How to lower your stroke risk
A billionaire and a famous actor both experienced the same health emergency recently – one that surprised many people, given their relatively young ages. One survived, one did not. The two high profile incidents involving Cleveland Cavaliers owner Dan Gilbert and actor Luke Perry have drawn renewed attention to the danger of strokes, which strike about 700,000 Americans a year, according to WebMD.
Gilbert, founder of Quicken Loans and Rock Ventures and owner/developer of a large chunk of high-priced downtown Detroit real estate, may have been lucky: his May 26 stroke occurred in a hospital, where he’d been taken because he hadn’t felt well. Doctors were able to perform a catheter procedure immediately. Gilbert, who is 57, is reportedly resting comfortably.
Perry, star of the TV shows “90210” and “Riverdale,” was hospitalized after suffering a massive stroke while at home. Following a second stroke, Perry was taken off life support and died on March 4. He was 52 years old.
A stroke occurs when something blocks the blood supply to part of the brain or when a blood vessel in the brain bursts.1 The warning signs include a sudden numbness or weakness in the face, arm, or leg, especially on one side of the body; confusion, trouble speaking, or difficulty understanding speech; trouble seeing in one or both eyes; difficulty walking, dizziness, loss of balance, or lack of coordination or a sudden severe headache with no known cause.2
Anyone exhibiting these symptoms should immediately be taken to a medical facility. "During a stroke, every minute counts!," according to the CDC. "Fast treatment can lessen the brain damage that stroke can cause."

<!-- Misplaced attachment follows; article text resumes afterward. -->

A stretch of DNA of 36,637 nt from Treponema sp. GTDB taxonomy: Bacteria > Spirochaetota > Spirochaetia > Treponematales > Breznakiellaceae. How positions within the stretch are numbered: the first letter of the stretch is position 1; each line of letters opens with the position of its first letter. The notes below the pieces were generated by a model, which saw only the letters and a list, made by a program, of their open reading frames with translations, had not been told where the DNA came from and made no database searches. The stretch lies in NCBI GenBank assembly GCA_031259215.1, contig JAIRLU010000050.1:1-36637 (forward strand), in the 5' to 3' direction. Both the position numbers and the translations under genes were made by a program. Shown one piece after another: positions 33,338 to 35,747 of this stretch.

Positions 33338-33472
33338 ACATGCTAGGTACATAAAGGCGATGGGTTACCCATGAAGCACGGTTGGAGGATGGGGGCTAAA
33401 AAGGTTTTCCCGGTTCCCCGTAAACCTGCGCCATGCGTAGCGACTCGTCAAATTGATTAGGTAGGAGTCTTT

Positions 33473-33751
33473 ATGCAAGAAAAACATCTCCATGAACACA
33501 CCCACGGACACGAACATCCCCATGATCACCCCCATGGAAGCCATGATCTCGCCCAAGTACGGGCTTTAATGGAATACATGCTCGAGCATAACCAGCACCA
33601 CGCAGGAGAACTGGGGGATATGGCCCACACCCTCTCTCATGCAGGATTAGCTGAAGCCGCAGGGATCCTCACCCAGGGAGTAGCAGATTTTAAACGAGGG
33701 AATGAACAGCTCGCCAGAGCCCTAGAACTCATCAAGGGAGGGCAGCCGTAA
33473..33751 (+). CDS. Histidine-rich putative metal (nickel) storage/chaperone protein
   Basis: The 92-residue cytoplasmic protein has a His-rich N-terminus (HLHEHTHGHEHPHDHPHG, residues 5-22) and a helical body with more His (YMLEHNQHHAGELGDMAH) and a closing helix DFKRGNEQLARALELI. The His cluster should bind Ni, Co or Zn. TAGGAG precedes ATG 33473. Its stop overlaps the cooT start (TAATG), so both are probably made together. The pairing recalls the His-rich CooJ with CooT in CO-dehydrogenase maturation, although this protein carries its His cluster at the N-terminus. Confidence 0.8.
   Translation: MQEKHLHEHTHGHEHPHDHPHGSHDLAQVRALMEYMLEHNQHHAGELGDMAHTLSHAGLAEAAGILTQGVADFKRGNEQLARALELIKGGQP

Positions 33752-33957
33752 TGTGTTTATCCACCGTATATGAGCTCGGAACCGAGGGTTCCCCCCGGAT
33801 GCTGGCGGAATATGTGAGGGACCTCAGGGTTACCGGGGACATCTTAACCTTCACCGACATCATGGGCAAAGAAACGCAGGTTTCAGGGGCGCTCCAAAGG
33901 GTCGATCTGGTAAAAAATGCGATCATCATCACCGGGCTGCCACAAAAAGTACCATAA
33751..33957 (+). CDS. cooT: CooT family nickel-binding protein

What can you do to avoid having a stroke?
Recommendations from the CDC include:
Eat a healthy diet. Foods should be low in saturated fats, trans fat, and cholesterol and high in fiber. Limiting salt (sodium) in your diet can also lower your blood pressure. High cholesterol and high blood pressure increase your chances of having a stroke.
Maintain a healthy weight. Being overweight or obese increases your risk for stroke. To determine whether your weight is in a healthy range, doctors often calculate your body mass index (BMI). If you know your weight and height, you can calculate your BMI at CDC’s Assessing Your Weight website. Doctors sometimes also use waist and hip measurements to measure excess body fat.
Engage in regular physical activity. Physical activity can help you stay at a healthy weight and lower your cholesterol and blood pressure levels. For adults, the Surgeon General recommends 2 hours and 30 minutes of moderate-intensity aerobic physical activity, such as a brisk walk, each week. Children and teens should get 1 hour of physical activity every day.
Don’t smoke. Cigarette smoking greatly increases your chances of having a stroke. If you don’t smoke, don’t start. If you do smoke, quitting will lower your risk for stroke. Your doctor can suggest ways to help you quit.
Limit alcohol. Drinking too much alcohol can raise your blood pressure. Men should have no more than two drinks per day, and women only one. For more information, visit CDC’s Alcohol and Public Health website.
More Information from the CDC:
- Know the Facts About Stroke Cdc-pdf[PDF–264K]
- Know the Signs and Symptoms of Stroke
- Women and Stroke Cdc-pdf[PDF–268K]
- Men and Stroke Cdc-pdf[PDF–248K]
- African-American Women and Stroke Cdc-pdf[PDF–910K]
- African-American Men and Stroke Cdc-pdf[PDF–478K]
- Hispanic Women and Stroke Cdc-pdf[PDF–327K] – Las Mujeres Hispanas y Los Accidentes Cerebrovasculares [PDF–223]
- Hispanic Men and Stroke Cdc-pdf[PDF–340K] – Los Hombres Hispanos y Los Accidentes Cerebrovasculares [PDF–221]
- Hispanics and Stroke Cdc-pdf[PDF–217K] – Las Personas Hispanas y Los Accidentes Cerebrovasculares [PDF–223]